Jason Peters told an NFL Network audience Thursday that “nothing really went wrong” with former franchise quarterback Carson Wentz last season — “he was just in Philadelphia.”
The Eagles’ nine-time Pro Bowl left tackle, soon to be a free agent at age 39, also said he wants to play an 18th NFL season. He had acknowledged in an earlier interview that it probably won’t be with the rebuilding Eagles.
Asked about the trade of Wentz to Indianapolis, coached by former Eagles offensive coordinator Frank Reich, Peters said: “I was surprised, but I wasn’t, like, super-surprised because when they benched him and put Jalen [Hurts] in, things went left. And I always encouraged him and told him, ‘Keep working; everything happens for a reason,’ and, like I said, I wasn’t crazy surprised when it happened, but any team that was gonna pick him up, I knew it was gonna be Frank Reich ‘cause when he was there, Frank had him running smooth. Super Bowl run, we went and got the trophy, and that was my deal on that.
“Carson is a great player. Nothing really went wrong on that. He was just in Philadelphia. It’s a hard city to play for, man. They’re critical of every play, inch, foot, year. You gotta bring it every year or Philadelphia will eat you up, man.”
Peters was complimentary toward Hurts.
“His leadership and his swagger” stood out, Peters said. “He comes to the huddle; he demands your eyes, your ears. He’s definitely ahead of his time as far as his leadership and his swagger.”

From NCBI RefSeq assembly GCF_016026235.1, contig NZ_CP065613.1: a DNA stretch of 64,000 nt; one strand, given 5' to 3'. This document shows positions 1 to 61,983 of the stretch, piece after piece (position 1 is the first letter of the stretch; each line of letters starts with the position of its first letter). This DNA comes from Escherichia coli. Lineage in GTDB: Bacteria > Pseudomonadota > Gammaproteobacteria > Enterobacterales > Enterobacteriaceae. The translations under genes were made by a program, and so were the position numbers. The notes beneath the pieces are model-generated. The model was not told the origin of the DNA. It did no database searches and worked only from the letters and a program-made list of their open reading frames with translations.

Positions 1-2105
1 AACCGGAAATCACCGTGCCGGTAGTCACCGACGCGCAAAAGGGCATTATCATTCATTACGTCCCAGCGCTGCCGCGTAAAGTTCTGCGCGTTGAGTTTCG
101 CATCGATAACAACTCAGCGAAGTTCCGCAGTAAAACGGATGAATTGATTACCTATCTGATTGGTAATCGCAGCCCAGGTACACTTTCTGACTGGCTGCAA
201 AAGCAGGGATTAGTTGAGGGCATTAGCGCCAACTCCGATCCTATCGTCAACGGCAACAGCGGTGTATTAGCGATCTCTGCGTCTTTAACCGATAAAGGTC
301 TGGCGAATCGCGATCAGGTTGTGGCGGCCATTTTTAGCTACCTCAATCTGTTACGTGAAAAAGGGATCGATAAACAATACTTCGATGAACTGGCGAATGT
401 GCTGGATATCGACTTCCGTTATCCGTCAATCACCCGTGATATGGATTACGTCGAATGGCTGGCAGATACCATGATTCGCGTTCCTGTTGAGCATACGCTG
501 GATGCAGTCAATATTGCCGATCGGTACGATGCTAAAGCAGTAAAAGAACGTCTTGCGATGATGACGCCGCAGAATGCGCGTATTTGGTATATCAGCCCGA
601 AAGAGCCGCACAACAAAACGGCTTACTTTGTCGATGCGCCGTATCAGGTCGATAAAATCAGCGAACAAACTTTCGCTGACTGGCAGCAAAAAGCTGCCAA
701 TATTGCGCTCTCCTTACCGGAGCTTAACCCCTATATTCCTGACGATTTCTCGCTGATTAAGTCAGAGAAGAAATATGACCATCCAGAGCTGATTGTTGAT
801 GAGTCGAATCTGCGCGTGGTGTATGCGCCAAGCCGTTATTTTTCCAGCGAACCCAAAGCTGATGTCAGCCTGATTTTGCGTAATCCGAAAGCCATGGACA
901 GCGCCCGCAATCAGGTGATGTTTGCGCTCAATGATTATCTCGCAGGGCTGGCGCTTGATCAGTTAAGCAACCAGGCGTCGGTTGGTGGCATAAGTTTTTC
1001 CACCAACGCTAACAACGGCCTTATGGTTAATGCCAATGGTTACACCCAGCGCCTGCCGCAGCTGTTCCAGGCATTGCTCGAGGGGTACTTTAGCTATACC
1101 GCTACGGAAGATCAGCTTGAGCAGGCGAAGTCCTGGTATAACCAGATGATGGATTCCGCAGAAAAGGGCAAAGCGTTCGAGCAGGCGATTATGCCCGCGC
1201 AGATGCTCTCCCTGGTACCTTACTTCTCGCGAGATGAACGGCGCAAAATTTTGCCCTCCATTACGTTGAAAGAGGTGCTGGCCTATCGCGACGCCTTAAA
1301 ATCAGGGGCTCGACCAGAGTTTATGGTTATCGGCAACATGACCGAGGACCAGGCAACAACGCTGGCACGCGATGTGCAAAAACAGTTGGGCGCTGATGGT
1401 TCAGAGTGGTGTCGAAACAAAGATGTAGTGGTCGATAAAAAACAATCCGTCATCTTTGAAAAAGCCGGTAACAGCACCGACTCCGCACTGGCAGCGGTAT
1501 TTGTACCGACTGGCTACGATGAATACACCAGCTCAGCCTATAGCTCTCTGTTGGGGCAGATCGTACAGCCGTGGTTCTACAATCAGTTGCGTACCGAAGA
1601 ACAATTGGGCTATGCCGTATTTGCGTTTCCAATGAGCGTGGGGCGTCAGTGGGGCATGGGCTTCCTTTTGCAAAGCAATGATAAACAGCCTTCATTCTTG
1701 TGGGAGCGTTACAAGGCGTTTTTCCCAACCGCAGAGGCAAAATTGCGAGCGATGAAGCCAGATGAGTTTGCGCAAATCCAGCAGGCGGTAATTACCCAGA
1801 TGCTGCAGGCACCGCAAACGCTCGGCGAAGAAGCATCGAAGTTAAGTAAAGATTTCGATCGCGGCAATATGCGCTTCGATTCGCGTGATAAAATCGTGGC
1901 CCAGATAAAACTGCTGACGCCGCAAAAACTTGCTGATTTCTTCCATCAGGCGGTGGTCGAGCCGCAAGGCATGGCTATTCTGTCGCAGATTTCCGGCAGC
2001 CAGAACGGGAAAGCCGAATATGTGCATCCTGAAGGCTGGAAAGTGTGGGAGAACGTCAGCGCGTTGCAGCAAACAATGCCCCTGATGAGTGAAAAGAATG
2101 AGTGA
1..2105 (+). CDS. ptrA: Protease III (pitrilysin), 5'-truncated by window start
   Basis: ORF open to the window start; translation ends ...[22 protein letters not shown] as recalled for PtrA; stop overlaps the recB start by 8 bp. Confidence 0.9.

Wentz was traded after making it clear to Eagles management that he would like to move on, sources have said. His 2020 season was one of the worst regressions on record for an established quarterback. Peters, too suffered through his worst season; the team seemed ready to move on from him a year ago, then brought him back after right guard Brandon Brooks suffered an Achilles tear last June. When Andre Dillard went down with a biceps tear in training camp, Peters demanded more money to switch from right guard back to left tackle, leaving a bad impression with many fans.
That impression didn’t improve when Peters was healthy for only eight games, compiling a career-low 67.6 Pro Football Focus overall grade. PFF held Peters responsible for eight sacks; Wentz was sacked an NFL-high 50 times, despite playing in only 12 games.
Asked if he felt he had a lot left in his tank, Peters said: “I don’t know about ‘a whole lot,’ but I still got some in the tank, and I can definitely show some of the young guys how to play the game of football. You can know the X’s and O’s, but I’m gonna be the one to stay with ‘em after practice and show ‘em how to really play the game, the technique, and the things about the detail of the football game throughout the course of the season.”
It’s unclear whether a team will value that knowledge enough to bring Peters aboard. He played the last 12 seasons with the Eagles and was wearing an Eagles hoodie in his TV appearance Thursday.
Assuming Peters won’t be an Eagle this season, the longest-tenured player on the team would be 2010 first-round draft pick Brandon Graham, who will turn 33 on April 3. Graham made his first Pro Bowl last season, but with the rebuilding focus, there has been speculation about his future. Former NBC Sports reporter Derrick Gunn tweeted earlier this week that the Eagles are working with Graham’s agent on a contract restructuring, presumably moving money into future years to ease the team’s 2021 cap crunch. The Eagles are about $43 million over the projected 2021 salary cap.
Also, the Eagles earlier this week tendered their three exclusive-rights free agents: linebacker Alex Singleton, wide receiver Greg Ward and running back Boston Scott. This means those players can negotiate only with the Eagles as they seek new contracts.